The Thursday indictment says Craig did not want to register under FARA because doing so could keep him or others at his law firm from getting government positions and because the filing would require him to disclose the millions paid from a “private, wealthy Ukrainian.” To help hide the private funding, Craig is accused of backdating and falsifying invoices at Manafort’s request to make it appear the Ukrainian government was the sole funder of the report.

Craig is being charged with two counts of making false and misleading statements to investigators — including Mueller’s team, which uncovered his purported wrongdoings while investigating Manafort as part of the Russia probe — in connection with his work on behalf of Yanukovych.

“This indictment accuses Mr. Craig of misleading the FARA Unit of the Department of Justice in order to avoid registration. It is itself unfair and misleading. It ignores uncontroverted evidence to the contrary. Mr. Craig had no interest in misleading the FARA Unit because he had not done anything that required his registration,” Craig’s attorneys, William Taylor and William Murphy, said in response.

Fox News’ Gregg Re and The Associated Press contributed to this report.

Source: Fox News Politics

The arrest of Julian Assange in London drew a mixture of reactions from U.S. lawmakers early Thursday — particularly after the Justice Department charged the WikiLeaks mastermind with conspiracy to commit computer intrusion.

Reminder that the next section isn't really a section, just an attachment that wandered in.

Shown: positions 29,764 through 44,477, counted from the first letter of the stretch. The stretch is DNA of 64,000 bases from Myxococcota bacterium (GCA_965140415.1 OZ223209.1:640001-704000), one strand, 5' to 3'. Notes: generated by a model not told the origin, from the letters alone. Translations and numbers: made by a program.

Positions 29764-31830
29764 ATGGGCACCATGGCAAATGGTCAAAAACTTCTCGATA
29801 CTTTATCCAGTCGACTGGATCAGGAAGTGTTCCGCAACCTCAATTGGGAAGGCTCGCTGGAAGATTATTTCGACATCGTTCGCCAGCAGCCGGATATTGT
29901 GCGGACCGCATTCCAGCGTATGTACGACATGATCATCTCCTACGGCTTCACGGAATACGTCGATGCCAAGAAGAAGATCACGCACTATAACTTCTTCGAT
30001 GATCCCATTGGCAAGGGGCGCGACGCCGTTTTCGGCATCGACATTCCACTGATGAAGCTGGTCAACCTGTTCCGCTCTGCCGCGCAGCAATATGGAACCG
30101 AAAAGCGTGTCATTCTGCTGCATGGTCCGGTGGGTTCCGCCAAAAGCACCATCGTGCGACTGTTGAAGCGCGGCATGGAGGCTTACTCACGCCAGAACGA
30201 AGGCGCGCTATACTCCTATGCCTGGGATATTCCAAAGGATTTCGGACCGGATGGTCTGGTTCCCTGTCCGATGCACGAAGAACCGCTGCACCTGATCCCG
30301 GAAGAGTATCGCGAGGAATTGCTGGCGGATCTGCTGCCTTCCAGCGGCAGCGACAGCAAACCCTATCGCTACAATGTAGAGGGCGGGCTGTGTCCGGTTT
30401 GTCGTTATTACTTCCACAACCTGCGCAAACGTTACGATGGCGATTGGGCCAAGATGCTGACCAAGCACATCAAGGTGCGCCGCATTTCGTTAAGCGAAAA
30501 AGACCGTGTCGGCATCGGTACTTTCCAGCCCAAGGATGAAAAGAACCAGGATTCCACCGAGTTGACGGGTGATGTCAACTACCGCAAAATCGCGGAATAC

Assange, 47, is being accused of working with whistleblower Army Pvt. Chelsea Manning, a former U.S. intelligence analyst, in 2010 to crack a password stored on a U.S. Defense Department computer to obtain classified Pentagon documents. If convicted, Assange faces up to five years in prison.

“Manning, who had access to the computers in connection with her duties as an intelligence analyst, was using the computers to download classified records to transmit to WikiLeaks. Cracking the password would have allowed Manning to log on to the computers under a username that did not belong to her,” the DOJ said in an indictment released Thursday.


Assange, an Australian native, was escorted out of the Ecuadorean embassy in London, where he had been staying since 2012, after the South American nation revoked his political asylum. He was taken into custody in connection with a U.S. extradition request, as well as for breaching U.K. bail conditions in 2012.